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  #1  
Old 02-22-2010
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Bow Rollers

If a boat has some sort of windlass (particularly motorized), is a bow roller still necessary, or at least the retention pin? It seems counter-productive for those with windlass controls in the cockpit.

And as for windlasses, does the chain portion between the rode and anchor wrap up around it as well? Surely not. It sounds typical to have anywhere from 50 to 100' or more of chain, plus another 100 to 200' of rode. Seems like one would need a windlass with a huge drum to reel all that up.
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Old 02-22-2010
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Bow roller: if you lacked a bow roller, what would be the point at which the rode went from going sideways from the windlass, to downward into the water? You don't want it to just hang out over the gunwales Windlasses are usually mounted on the deck, you know.

I don't have a windlass, but I understand that at least some of them have a chain portion (toothy) and a rope portion (smooth like a winch drum). I'm not sure how you make sure that it switches from one to the other appropriately. It may require that you go forward.

Very little of the rode stays on the drum. Just as with winch drums, the tail of the line goes someplace else and only a few coils stay on the drum at the time. In the case of the windlass, the rode and chain should be redirected to a locker somewhere belowdecks.
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Old 02-22-2010
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Quote:
Originally Posted by elkscout View Post
If a boat has some sort of windlass (particularly motorized), is a bow roller still necessary, or at least the retention pin? It seems counter-productive for those with windlass controls in the cockpit.
A bow roller is kind of a necessity if you have a windlass. The anchor and the rode have to be stowed somehow when sailing around the harbor. The easiest way is to have a bow roller... Don't generally recommend pinning the anchor to the bow roller. If the anchor gets hit by a large wave, the pin could get bent and prevent you from being able to deploy the anchor. The anchor, especially if it is a rollbar design like the Rocna, should be lashed into position. In an emergency, the lashing can be quickly cut to free the anchor.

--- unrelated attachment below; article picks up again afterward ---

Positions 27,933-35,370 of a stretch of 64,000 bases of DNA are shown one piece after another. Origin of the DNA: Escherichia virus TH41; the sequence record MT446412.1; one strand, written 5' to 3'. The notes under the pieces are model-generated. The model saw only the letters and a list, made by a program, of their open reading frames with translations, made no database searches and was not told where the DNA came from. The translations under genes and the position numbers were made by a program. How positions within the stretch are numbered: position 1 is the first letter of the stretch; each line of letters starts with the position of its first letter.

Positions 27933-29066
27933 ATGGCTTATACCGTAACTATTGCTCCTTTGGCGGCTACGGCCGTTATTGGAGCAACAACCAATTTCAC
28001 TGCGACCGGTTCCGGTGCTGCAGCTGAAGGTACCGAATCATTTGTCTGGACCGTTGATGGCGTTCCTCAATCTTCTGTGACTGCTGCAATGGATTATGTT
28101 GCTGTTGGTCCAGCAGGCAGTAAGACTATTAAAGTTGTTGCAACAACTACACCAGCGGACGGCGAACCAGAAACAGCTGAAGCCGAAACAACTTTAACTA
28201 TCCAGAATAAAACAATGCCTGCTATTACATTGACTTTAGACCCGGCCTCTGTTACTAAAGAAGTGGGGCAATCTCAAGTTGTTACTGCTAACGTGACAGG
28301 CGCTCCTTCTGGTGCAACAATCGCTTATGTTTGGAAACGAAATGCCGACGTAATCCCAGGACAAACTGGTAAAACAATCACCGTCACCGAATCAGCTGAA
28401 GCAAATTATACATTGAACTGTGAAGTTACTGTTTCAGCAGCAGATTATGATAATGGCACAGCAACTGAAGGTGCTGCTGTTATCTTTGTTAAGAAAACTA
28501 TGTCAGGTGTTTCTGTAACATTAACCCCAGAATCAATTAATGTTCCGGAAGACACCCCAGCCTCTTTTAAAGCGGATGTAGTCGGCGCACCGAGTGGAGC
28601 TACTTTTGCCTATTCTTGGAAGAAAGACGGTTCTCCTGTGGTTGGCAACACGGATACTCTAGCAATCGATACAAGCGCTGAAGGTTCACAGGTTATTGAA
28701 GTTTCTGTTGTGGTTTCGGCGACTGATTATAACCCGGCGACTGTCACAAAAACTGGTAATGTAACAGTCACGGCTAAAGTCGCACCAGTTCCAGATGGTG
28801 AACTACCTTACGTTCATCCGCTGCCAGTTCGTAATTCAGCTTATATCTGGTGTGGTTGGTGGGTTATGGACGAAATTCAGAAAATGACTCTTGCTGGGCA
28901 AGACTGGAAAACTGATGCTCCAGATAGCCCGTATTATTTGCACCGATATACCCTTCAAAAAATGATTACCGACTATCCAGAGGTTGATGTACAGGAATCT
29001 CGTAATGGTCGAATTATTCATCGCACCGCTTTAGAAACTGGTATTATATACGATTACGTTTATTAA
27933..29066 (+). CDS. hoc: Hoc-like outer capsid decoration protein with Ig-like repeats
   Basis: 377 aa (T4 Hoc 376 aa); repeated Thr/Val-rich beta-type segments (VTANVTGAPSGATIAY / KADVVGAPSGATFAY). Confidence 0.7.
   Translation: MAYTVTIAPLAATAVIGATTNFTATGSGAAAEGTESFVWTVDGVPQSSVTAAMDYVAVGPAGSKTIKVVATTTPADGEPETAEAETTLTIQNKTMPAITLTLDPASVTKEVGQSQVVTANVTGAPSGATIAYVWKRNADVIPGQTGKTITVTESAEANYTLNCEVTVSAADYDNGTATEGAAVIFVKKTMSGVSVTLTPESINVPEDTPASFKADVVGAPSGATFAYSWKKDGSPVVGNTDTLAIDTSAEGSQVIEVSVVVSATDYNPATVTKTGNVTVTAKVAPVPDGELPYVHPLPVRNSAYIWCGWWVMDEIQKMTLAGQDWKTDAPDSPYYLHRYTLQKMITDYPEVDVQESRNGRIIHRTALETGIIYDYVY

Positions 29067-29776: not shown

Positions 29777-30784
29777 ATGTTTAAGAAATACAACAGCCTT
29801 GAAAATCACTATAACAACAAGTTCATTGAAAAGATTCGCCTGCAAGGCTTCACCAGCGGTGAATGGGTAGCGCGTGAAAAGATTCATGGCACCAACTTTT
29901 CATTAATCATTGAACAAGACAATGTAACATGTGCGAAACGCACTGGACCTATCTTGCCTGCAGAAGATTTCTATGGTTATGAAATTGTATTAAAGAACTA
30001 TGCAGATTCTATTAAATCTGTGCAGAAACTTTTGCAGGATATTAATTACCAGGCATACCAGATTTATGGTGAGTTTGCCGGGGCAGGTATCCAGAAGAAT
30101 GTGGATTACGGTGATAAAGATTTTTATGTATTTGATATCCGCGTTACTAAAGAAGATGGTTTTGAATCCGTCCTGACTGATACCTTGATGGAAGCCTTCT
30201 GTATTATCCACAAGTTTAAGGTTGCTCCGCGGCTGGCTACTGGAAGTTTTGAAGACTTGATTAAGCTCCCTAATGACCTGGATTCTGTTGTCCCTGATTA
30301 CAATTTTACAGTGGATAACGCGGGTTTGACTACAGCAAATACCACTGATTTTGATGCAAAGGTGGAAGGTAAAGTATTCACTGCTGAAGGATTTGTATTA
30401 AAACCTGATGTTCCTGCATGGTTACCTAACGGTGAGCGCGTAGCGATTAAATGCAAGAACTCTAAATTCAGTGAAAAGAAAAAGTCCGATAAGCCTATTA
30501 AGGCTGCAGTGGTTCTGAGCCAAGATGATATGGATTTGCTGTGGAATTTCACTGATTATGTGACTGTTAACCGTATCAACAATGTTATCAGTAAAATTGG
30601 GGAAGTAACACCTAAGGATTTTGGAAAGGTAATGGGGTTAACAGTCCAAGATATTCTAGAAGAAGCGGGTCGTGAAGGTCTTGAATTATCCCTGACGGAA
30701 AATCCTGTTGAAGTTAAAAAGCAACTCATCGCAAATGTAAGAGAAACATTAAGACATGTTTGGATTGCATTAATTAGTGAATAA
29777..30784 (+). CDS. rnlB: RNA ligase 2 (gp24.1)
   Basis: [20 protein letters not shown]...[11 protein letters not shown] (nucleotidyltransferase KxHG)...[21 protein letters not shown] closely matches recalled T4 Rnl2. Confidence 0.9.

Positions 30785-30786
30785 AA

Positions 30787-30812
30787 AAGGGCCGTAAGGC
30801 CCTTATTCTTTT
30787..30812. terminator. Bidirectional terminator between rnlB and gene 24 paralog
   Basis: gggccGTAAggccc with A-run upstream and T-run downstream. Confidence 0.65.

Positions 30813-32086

Remember, that the anchor is an important piece of safety gear. If you run into trouble with the boat, you can often anchor to give yourself some time to sort things out.

Quote:
And as for windlasses, does the chain portion between the rode and anchor wrap up around it as well? Surely not. It sounds typical to have anywhere from 50 to 100' or more of chain, plus another 100 to 200' of rode. Seems like one would need a windlass with a huge drum to reel all that up.
The chain is part of the rode. The anchor rode consists of everything between the anchor and the boat....the anchor shackle, the chain, and the nylon rope. The windlass doesn't store the rode around a spool or drum. You're thinking of the winch off of a jeep or something like that... which isn't the case here. The windlass is used to retrieve the anchor and pulls the rode in, but the rode itself is actually stowed in the anchor or chain locker, usually through a chainpipe of some sort. See the following image:

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Last edited by sailingdog; 02-22-2010 at 01:49 PM.
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Old 02-22-2010
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Bow roller

Not to hijack this thread, but how do you know which bow roller to buy. I've been considering one, but Im not sure which one to get. I'm sure that SD has a formula, so lets hear it.

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Old 02-22-2010
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Depends on the configuration of the bow of your boat, as well as what anchor you're planning on putting on the roller.